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    Is Your Child Spoiled?

    Who’s ruling the roost? Set age-appropriate guidelines, and take back control.
    By
    WebMD Feature
    Reviewed by Roy Benaroch, MD

    Every parent has probably heard it at one time or another: "You're going to spoil that child!" Yet what do we really mean by spoiled child? How do you know if your child is spoiled, and what can you do to avoid spoiling him or her if you haven't done so already?

    No Such Thing as Spoiled Children?

    Most child development experts cringe at the use of the term "spoiled child."

    David Elkind, a professor of child development at Tufts University and author of The Hurried Child: Growing Up Too Fast Too Soon, says, "That's really a term from a different era. Parents who 'spoil,' often out of the best of intentions, really want to give their children everything without their having to work for it. But the world doesn't work that way."

    Why You Can't Spoil a Baby

    You cannot "spoil" an infant, Elkind says. "Infants cry when they need something, and it's hard to spoil them because they're not trying to manipulate or maneuver. In infancy, you really need to build the feeling that the world's a safe place."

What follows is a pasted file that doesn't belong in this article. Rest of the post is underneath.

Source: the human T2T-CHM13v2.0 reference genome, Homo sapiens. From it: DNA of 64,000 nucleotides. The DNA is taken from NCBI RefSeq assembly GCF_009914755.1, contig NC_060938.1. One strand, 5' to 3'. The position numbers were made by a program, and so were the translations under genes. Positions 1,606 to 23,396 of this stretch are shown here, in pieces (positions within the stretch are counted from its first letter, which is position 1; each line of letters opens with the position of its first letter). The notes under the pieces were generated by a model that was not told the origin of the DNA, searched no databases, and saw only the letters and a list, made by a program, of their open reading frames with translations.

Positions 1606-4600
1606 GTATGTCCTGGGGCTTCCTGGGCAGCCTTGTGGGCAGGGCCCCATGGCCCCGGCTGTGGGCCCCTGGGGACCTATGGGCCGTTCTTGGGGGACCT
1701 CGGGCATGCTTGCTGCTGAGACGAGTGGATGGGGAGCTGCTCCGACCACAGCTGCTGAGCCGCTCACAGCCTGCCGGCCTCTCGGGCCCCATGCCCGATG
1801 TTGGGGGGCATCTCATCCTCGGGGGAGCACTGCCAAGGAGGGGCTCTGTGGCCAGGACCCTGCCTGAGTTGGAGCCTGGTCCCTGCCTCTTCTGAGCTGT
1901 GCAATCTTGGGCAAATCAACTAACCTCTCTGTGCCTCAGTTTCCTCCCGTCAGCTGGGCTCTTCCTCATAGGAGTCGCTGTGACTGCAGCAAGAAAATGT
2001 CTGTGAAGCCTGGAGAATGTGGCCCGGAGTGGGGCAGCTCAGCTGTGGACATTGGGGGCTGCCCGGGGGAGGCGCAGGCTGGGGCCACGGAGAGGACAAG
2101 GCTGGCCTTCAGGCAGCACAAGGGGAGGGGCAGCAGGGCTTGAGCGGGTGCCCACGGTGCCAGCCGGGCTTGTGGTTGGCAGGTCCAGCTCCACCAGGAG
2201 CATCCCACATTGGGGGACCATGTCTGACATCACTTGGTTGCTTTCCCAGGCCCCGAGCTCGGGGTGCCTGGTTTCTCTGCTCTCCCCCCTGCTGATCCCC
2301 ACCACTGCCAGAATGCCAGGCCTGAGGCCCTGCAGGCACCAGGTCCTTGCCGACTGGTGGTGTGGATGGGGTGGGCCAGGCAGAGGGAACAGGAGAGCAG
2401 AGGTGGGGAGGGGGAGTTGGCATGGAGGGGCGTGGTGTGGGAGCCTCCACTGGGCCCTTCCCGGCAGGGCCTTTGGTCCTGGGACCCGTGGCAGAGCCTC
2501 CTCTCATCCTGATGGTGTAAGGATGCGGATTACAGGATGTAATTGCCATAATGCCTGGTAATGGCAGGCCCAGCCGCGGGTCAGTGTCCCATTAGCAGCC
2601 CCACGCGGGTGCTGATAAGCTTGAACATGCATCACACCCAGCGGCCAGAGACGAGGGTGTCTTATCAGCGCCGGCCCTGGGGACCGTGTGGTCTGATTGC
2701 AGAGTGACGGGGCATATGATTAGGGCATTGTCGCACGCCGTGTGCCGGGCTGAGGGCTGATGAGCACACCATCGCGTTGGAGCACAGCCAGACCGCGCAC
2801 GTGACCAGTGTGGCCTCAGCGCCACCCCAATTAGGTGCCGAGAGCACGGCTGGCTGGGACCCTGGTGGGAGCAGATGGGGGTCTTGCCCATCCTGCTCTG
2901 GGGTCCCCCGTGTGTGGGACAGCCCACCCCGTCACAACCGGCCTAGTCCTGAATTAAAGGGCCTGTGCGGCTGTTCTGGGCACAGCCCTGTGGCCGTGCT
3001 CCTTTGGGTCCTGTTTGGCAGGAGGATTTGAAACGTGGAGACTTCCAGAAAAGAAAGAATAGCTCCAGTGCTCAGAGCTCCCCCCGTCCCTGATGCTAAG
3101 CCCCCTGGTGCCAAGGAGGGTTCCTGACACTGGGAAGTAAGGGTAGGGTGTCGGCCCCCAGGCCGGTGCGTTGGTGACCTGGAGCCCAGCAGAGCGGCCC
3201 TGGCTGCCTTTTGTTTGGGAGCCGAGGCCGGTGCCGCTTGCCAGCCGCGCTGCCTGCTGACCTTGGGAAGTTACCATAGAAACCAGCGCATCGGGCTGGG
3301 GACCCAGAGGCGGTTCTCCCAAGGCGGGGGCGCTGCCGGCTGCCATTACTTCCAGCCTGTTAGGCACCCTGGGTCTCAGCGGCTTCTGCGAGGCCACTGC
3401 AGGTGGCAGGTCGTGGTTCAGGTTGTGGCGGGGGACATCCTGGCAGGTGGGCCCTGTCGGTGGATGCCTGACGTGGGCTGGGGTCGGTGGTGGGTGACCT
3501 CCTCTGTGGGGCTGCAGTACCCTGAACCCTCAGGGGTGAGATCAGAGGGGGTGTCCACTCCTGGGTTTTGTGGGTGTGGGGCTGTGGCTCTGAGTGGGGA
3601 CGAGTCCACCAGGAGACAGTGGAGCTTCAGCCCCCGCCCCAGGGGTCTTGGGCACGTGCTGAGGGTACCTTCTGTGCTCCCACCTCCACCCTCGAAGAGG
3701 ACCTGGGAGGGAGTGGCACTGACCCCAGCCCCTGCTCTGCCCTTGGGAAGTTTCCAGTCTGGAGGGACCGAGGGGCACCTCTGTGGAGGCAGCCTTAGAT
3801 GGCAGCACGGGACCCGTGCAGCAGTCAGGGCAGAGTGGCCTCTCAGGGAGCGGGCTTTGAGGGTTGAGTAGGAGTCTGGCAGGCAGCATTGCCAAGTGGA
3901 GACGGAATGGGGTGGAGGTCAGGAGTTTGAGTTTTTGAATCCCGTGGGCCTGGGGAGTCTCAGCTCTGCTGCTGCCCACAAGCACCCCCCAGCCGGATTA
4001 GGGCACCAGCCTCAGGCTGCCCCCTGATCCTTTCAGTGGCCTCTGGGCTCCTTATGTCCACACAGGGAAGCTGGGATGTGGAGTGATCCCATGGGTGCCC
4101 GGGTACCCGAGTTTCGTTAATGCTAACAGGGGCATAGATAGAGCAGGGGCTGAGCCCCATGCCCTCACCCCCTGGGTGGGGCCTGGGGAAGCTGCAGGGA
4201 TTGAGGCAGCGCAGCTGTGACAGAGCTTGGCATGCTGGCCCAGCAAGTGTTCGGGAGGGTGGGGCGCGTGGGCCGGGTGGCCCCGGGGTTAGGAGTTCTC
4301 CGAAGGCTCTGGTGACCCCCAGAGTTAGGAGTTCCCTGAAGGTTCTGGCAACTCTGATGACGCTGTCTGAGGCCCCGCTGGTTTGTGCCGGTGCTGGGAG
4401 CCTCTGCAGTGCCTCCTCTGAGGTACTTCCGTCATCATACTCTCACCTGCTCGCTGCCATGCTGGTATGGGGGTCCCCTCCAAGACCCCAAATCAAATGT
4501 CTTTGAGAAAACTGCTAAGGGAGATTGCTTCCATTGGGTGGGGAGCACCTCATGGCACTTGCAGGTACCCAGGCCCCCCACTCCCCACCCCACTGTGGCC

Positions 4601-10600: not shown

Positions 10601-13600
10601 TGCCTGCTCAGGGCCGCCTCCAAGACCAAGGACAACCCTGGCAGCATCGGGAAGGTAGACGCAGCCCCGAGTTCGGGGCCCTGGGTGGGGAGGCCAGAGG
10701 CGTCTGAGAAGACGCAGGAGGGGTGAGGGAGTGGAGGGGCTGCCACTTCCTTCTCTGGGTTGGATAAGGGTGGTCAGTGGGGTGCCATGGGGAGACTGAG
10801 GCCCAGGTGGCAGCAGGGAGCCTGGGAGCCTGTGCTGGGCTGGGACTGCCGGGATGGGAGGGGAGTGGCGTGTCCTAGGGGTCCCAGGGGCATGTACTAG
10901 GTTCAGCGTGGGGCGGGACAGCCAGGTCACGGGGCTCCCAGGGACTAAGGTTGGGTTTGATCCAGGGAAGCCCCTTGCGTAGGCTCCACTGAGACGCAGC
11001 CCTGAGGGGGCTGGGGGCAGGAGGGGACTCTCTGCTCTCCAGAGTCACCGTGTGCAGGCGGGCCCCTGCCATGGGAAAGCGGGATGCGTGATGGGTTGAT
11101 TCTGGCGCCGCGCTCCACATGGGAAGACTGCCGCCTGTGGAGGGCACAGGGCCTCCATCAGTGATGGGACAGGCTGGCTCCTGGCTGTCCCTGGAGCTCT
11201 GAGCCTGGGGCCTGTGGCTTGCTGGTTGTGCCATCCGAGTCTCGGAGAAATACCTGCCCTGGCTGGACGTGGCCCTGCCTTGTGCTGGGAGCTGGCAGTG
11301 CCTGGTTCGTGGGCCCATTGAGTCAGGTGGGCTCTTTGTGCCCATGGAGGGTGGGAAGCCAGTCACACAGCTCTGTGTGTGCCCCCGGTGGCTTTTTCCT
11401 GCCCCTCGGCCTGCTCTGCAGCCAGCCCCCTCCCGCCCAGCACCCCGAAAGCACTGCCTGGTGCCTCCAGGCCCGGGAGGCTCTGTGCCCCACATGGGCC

Later on, he says, it's certainly possible to spoil your child by giving him or her too much, not setting boundaries, and not expecting your child to do what's healthy. But there's no spoiling a 6-month-old.

    Peter A. Gorski, MD, director of the Lawton and Rhea Chiles Center for Healthy Mothers and Babies, says, "There is so much questionable parenting literature out there that still talks about spoiling babies. This is a myth that really needs to be addressed."

    Research shows that infants whose parents respond quicker to their needs, including their cries, are happier and more independent by their first birthday, Gorski says. They learn to trust that you'll be there when they need you.

    What about toddlertemper tantrums? Are these children spoiled? No, Elkind says. Tantrums are simply a part of normal development. "This is a time kids are differentiating themselves, and they do that by saying no," he says. "That's normal." It doesn't mean you don't need to set limits for your toddler or that you should always give in. But saying "No no no no no!" every time you want him or her to get dressed or eat lunch doesn't mean the child's spoiled. It just means he's 2.

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